No problem, if you don't fall for one of these bad real estate deals...
5 worst spots to hide your cat's litter box.
Don't put your cat's box in these locations:
Beside food or water. Cats won't like it because eating in your bathroom is disgusting.
The basement. Unless your basement is finished and furnished, you wouldn't go down there if you couldn't switch on the lights, right? Your cat won't want to journey into the bowels of darkness every time she needs to do business either.
The laundry room. Washers make loud noises. Dryers shake. And people sometimes make a racket in the laundry room. Even the most emotionally sturdy feline can lose his cool with all that going on while he's on the throne.
Dark spaces. Sometimes, closets can provide great spaces for the litter box, but others are too dark, too dank, or too hidden for anyone to use. Leave the light on for your kitty's most important moments.
Next to each other. If you keep more than one cat, you will want to have more than one litter box. Be sure to space these out around the house. A large cat might prevent a small one from using either box if they're right next to each other.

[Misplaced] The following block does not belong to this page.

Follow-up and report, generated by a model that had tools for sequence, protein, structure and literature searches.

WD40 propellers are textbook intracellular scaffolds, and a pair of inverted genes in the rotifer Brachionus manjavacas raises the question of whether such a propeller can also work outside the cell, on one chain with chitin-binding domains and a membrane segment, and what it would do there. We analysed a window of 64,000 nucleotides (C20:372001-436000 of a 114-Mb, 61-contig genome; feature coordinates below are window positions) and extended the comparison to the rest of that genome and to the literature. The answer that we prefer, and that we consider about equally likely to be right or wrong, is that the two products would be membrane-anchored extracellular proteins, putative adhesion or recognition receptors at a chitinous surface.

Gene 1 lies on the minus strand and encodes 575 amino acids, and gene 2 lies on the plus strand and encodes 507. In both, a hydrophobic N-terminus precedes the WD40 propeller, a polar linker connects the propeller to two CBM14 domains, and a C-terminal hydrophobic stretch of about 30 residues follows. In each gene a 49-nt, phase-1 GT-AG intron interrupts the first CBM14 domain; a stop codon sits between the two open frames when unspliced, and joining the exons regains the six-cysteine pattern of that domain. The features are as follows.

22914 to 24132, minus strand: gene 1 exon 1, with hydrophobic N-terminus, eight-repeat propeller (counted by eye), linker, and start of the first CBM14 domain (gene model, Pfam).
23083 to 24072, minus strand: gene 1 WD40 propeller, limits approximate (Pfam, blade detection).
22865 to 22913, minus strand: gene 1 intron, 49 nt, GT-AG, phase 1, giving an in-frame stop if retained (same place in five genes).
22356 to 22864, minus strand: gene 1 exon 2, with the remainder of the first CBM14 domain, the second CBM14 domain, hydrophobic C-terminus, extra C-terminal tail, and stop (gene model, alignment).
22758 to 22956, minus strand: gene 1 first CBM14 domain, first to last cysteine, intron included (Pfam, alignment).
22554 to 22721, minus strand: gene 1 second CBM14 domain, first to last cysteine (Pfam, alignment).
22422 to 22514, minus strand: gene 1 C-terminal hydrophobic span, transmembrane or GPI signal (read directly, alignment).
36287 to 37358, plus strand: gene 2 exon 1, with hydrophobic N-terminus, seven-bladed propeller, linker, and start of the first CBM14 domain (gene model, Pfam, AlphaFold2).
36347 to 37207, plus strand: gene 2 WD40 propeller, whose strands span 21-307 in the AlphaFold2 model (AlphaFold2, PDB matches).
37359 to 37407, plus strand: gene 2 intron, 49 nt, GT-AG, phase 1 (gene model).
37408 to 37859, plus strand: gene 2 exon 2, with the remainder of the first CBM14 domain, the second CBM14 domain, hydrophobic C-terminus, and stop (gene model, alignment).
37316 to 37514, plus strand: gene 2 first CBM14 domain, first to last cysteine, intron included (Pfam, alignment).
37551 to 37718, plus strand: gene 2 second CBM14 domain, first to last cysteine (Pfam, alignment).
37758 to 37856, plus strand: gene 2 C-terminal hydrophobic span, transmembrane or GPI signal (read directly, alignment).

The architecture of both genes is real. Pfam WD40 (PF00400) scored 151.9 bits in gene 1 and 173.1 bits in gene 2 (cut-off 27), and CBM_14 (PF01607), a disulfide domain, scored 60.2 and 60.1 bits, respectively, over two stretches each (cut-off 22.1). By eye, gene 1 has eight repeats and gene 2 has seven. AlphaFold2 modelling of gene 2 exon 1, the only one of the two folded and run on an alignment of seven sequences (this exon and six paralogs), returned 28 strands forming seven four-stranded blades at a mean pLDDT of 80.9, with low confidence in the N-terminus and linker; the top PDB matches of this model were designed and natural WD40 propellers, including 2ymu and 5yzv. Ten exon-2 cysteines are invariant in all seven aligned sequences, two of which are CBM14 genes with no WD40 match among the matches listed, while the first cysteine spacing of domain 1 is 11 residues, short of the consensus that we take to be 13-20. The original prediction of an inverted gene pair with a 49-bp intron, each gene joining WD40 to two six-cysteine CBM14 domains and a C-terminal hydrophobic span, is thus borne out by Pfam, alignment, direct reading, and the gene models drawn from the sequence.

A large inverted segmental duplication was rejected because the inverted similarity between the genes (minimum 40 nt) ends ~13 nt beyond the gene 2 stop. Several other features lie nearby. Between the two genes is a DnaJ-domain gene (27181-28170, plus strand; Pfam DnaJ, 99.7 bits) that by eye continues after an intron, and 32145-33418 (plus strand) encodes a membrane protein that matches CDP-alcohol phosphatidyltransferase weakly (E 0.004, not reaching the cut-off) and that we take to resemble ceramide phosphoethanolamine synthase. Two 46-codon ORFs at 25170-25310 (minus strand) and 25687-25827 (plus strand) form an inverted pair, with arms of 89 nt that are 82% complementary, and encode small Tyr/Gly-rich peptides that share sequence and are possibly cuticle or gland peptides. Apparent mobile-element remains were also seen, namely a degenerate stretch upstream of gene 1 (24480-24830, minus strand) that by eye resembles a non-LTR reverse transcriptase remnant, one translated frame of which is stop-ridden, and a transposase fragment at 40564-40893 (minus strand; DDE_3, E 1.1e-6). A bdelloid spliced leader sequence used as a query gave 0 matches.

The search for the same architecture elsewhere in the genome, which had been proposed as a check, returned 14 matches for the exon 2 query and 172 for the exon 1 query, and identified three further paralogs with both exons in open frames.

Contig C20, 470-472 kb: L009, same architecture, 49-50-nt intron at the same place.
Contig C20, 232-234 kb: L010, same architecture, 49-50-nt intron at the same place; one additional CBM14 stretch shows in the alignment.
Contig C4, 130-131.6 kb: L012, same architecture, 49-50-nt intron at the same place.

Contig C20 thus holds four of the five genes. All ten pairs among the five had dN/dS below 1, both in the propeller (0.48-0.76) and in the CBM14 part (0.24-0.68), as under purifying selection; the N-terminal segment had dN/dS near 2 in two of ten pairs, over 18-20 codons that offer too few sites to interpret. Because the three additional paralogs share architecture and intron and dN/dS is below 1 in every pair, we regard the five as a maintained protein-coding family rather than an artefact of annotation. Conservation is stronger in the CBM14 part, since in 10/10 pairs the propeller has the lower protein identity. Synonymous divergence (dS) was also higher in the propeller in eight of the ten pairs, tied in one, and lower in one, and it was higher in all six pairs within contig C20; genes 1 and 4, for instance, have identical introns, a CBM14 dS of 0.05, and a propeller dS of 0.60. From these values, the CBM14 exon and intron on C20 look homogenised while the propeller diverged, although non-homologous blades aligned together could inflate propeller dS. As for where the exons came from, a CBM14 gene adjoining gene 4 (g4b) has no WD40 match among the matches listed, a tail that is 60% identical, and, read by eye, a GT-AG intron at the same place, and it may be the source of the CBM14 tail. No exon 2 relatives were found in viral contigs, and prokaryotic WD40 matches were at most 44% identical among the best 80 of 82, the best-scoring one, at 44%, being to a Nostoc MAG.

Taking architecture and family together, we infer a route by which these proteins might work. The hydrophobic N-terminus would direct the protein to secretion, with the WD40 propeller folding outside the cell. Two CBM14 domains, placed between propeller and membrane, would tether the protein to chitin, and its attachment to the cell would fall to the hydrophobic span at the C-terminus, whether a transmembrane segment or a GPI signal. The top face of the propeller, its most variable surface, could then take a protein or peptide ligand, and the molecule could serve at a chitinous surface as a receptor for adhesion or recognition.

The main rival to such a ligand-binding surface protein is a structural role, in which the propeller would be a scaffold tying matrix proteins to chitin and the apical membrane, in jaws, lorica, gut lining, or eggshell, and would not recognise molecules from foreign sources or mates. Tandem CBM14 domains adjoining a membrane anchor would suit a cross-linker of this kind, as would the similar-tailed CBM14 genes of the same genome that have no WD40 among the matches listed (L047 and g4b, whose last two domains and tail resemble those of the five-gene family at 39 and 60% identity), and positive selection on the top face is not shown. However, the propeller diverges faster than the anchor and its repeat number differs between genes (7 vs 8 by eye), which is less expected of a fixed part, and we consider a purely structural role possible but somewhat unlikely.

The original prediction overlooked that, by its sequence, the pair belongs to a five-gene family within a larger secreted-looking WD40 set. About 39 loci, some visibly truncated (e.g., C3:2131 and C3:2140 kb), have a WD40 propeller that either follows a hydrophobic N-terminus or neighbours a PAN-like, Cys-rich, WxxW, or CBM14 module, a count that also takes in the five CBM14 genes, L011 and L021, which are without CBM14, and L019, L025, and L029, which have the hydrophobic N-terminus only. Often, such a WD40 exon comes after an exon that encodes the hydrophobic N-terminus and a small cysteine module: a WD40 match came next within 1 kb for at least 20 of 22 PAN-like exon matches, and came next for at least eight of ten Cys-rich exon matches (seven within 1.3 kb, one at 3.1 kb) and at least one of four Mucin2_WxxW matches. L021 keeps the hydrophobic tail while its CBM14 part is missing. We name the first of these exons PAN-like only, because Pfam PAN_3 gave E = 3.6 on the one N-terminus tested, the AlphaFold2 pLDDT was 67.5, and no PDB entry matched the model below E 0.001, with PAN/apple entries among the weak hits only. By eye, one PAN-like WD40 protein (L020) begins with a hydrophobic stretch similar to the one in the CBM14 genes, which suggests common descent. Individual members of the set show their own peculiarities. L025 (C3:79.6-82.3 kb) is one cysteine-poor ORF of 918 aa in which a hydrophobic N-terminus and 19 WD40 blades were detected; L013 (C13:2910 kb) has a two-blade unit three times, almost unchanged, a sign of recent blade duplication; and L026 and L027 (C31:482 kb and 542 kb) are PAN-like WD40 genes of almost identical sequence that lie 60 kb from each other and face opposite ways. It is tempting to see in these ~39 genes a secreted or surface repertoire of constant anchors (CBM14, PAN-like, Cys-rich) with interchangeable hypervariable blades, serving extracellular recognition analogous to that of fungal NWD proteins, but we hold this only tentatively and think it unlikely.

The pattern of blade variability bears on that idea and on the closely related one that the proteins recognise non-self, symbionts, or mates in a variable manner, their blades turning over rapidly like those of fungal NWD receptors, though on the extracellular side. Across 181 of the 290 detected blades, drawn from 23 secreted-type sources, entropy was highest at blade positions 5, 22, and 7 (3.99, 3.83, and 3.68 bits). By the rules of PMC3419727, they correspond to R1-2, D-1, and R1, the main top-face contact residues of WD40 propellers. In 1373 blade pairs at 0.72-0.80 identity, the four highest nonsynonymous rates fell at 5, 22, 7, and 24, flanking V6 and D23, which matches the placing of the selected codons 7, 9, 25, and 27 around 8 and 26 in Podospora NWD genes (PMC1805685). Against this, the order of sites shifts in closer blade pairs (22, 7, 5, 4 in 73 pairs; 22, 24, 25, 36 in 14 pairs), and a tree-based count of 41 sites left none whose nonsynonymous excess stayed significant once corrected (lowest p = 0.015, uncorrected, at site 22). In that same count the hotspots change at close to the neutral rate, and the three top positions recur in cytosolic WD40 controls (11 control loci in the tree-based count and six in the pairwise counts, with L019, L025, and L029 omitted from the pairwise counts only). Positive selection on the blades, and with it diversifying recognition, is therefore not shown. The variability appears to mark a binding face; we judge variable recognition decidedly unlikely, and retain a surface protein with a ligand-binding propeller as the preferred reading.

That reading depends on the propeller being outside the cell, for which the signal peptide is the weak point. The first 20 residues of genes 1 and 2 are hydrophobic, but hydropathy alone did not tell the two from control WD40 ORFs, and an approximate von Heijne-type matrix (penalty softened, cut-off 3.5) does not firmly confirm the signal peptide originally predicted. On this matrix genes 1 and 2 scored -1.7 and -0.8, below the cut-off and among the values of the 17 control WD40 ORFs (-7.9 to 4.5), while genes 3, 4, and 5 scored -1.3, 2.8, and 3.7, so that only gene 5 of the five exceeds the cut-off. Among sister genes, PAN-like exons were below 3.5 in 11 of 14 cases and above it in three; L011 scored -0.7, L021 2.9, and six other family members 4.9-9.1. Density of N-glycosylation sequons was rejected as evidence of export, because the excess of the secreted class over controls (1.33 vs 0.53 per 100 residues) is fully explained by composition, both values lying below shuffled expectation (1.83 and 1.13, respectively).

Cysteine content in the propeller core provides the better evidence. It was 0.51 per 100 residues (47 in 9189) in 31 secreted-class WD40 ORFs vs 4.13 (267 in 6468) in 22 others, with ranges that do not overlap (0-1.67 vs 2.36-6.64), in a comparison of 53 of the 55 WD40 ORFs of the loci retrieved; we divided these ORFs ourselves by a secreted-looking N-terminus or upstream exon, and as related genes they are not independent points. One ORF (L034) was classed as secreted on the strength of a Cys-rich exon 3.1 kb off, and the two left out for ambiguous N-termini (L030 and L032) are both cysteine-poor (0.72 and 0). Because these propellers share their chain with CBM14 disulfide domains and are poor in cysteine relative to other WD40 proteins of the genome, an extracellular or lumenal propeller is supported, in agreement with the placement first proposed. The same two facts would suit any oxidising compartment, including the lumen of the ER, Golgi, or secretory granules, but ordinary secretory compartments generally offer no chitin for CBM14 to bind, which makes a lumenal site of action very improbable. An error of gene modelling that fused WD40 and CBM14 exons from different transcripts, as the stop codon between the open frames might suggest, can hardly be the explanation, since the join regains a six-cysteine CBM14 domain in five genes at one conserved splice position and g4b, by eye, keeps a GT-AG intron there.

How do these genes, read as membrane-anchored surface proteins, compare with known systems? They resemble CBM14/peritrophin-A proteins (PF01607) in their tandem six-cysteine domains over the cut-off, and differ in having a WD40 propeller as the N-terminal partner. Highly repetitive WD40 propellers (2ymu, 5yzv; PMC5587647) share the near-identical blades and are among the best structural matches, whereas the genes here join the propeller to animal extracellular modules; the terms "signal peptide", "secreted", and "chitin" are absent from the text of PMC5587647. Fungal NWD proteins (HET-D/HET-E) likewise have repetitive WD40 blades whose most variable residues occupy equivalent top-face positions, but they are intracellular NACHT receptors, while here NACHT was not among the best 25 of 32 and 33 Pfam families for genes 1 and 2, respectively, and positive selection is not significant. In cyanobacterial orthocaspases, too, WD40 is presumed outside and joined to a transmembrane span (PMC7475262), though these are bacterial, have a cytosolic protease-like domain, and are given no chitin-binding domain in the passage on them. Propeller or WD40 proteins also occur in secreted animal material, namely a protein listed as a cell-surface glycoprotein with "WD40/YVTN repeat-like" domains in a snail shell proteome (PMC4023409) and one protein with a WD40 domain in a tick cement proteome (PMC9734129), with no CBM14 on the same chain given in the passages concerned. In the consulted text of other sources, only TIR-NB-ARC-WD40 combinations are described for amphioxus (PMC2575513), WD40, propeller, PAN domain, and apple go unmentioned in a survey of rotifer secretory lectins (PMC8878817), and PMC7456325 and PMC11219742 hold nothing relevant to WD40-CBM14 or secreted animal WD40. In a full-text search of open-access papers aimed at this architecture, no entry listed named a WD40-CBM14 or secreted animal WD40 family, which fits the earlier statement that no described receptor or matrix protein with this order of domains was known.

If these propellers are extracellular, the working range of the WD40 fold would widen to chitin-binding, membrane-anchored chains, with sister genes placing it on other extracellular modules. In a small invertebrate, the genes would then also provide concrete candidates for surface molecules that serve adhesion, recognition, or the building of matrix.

5 smart spots to hide a cat litter box.
Install a cat flap in a closet or private room. You can fashion a separate entrance for your pet in a private bathroom, guest room, or other less-frequented space in your house. Your cat can enjoy peace and privacy while in the box while you revel in your clean and odor-free home. This idea can work for any type of cat box — open-top or closed, front-opening or top-opening, small or large.
Build a mini cat house litter cover. Is your litter box residing in your bathroom? You could try building a mini-cover for your cat's box under the sink. A flap door or cut out will help eliminate odors. This idea saves space since you and your cat will be sharing a bathroom.